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U.S. estate taxation of nonresident aliens.

The estate tax rules for nonresident aliens are similar to those for resident aliens and U.S. citizens. There are, however, very important differences. Generally, a nonresident alien's estate is taxed only on property located in the United States. The estate tax rates are the same as those for citizens, but the unified credit is smaller and there are significant restrictions on the use of the marital deduction.

Nonresident alien defined

A nonresident alien is a person who is neither a citizen nor a U.S. resident. The determination of resident or nonresident status is made at the time of death. "Residence" means domicile for estate tax purposes; a nonresident is an individual whose domicile is outside the United States. Domicile is acquired by living in a place with the intent to remain and without the intent to leave.

A U.S. citizen who acquires citizenship solely by being born in a U.S. possession is treated as a nonresident alien for estate tax purposes, as is a person who acquires citizenship solely by being a resident of a U.S. possession. For example, a former French citizen who moved to the Virgin Islands and acquired U.S. citizenship through naturalization proceedings in a Virgin Islands court is taxed as a nonresident alien.

Gross estate of nonresident alien

A nonresident alien's gross estate includes only real estate and other property located in the United States. If the property is subject to a mortgage for which the decedent's estate is not liable (e.g., a nonrecourse loan), only the equity value of the real estate is included. If the estate is liable for the mortgage, the full value of the property is included and a portion of the mortgage, equal to the ratio of U.S. situs property to worldwide assets, is taken as a deduction from the gross estate.

Tangible personal property located in the United States at the time of death is included in the estate. Exceptions to this rule include property held by a nonresident who dies while making a journey through the United States on his way to another country.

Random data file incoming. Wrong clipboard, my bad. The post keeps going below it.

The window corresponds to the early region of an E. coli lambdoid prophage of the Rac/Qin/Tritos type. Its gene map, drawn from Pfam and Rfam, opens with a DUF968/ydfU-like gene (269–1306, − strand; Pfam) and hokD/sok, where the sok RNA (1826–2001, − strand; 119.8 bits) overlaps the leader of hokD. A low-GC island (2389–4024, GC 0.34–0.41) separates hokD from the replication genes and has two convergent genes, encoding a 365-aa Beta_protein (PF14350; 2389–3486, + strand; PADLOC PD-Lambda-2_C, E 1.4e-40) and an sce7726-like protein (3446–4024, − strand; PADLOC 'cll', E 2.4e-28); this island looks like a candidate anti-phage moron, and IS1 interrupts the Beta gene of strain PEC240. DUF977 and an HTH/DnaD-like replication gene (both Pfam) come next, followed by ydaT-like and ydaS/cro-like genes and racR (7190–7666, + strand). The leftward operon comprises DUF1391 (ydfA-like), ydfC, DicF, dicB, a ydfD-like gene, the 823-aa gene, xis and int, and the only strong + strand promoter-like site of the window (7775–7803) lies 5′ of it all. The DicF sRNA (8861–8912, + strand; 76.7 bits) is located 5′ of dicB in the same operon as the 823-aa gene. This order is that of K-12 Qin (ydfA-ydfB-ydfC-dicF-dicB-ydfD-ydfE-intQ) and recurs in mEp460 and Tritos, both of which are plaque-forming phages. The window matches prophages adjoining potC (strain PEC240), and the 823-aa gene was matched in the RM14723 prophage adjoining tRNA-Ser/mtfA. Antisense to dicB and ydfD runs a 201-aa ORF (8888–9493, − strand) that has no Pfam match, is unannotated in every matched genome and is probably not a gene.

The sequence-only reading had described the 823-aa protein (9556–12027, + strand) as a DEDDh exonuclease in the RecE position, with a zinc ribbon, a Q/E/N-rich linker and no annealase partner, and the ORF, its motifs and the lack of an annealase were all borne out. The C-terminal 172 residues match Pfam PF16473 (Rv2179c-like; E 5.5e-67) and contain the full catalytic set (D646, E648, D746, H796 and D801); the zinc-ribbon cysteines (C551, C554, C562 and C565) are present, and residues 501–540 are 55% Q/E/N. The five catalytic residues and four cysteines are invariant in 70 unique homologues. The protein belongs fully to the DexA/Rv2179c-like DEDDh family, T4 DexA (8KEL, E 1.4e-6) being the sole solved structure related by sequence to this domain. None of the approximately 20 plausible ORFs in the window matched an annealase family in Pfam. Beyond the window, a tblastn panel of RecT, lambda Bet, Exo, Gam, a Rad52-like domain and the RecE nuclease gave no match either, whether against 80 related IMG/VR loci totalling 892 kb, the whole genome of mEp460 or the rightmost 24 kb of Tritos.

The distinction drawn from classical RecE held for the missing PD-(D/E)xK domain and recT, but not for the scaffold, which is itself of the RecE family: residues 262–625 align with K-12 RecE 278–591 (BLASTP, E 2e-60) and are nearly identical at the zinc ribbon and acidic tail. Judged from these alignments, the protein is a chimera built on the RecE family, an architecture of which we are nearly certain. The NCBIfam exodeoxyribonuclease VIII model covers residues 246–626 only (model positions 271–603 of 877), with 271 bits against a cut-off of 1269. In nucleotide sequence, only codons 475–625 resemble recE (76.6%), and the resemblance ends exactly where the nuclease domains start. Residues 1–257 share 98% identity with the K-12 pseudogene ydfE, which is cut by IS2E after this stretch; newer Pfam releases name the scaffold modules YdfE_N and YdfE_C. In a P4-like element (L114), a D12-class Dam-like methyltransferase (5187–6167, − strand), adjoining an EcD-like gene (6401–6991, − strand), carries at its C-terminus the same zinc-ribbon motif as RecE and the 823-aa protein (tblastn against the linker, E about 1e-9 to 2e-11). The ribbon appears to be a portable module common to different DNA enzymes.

A nonresident's interest in community property is included in his gross estate to the extent of the interest he is deemed to own. If ownership is defined by foreign law, the portion of the property owned under the applicable foreign law is included in the gross estate. For example, the community property laws of Spain and France give each spouse a one-half interest in community property.

Selected intangible property located in the United States is included in a nonresident alien's gross estate. Bank deposits are not included, unless the interest earned on the deposit is connected to a trade or business in the United States. Corporate stock in a U.S. corporation is included in the gross estate; corporate stock in a foreign corporation is not. The corporation's location is determined by reference to the jurisdiction in which the corporation was organized. Bonds or other debt instruments of a U.S. person and of Federal or state governments are included in the gross estate. An interest in a partnership is included if it carries on its business in the United States. An interest in a trust is included to the extent the underlying assets are located in the United States. Life insurance is not included in the gross estate.

Computation of estate tax

Note: The following provisions apply only if not superseded by a treaty.

After the gross estate is determined, certain deductions are allowed. A nonresident alien's estate is allowed a deduction for the same kind of expenses, debts and losses that are deductible from a citizen's gross estate. The amount of the deduction is limited, based on the percentage of total assets of the estate subject to U.S. tax. For example, if 20% of the decedent's worldwide estate is located in the United States, he would be allowed to deduct 20% of his worldwide deductions to determine the taxable estate.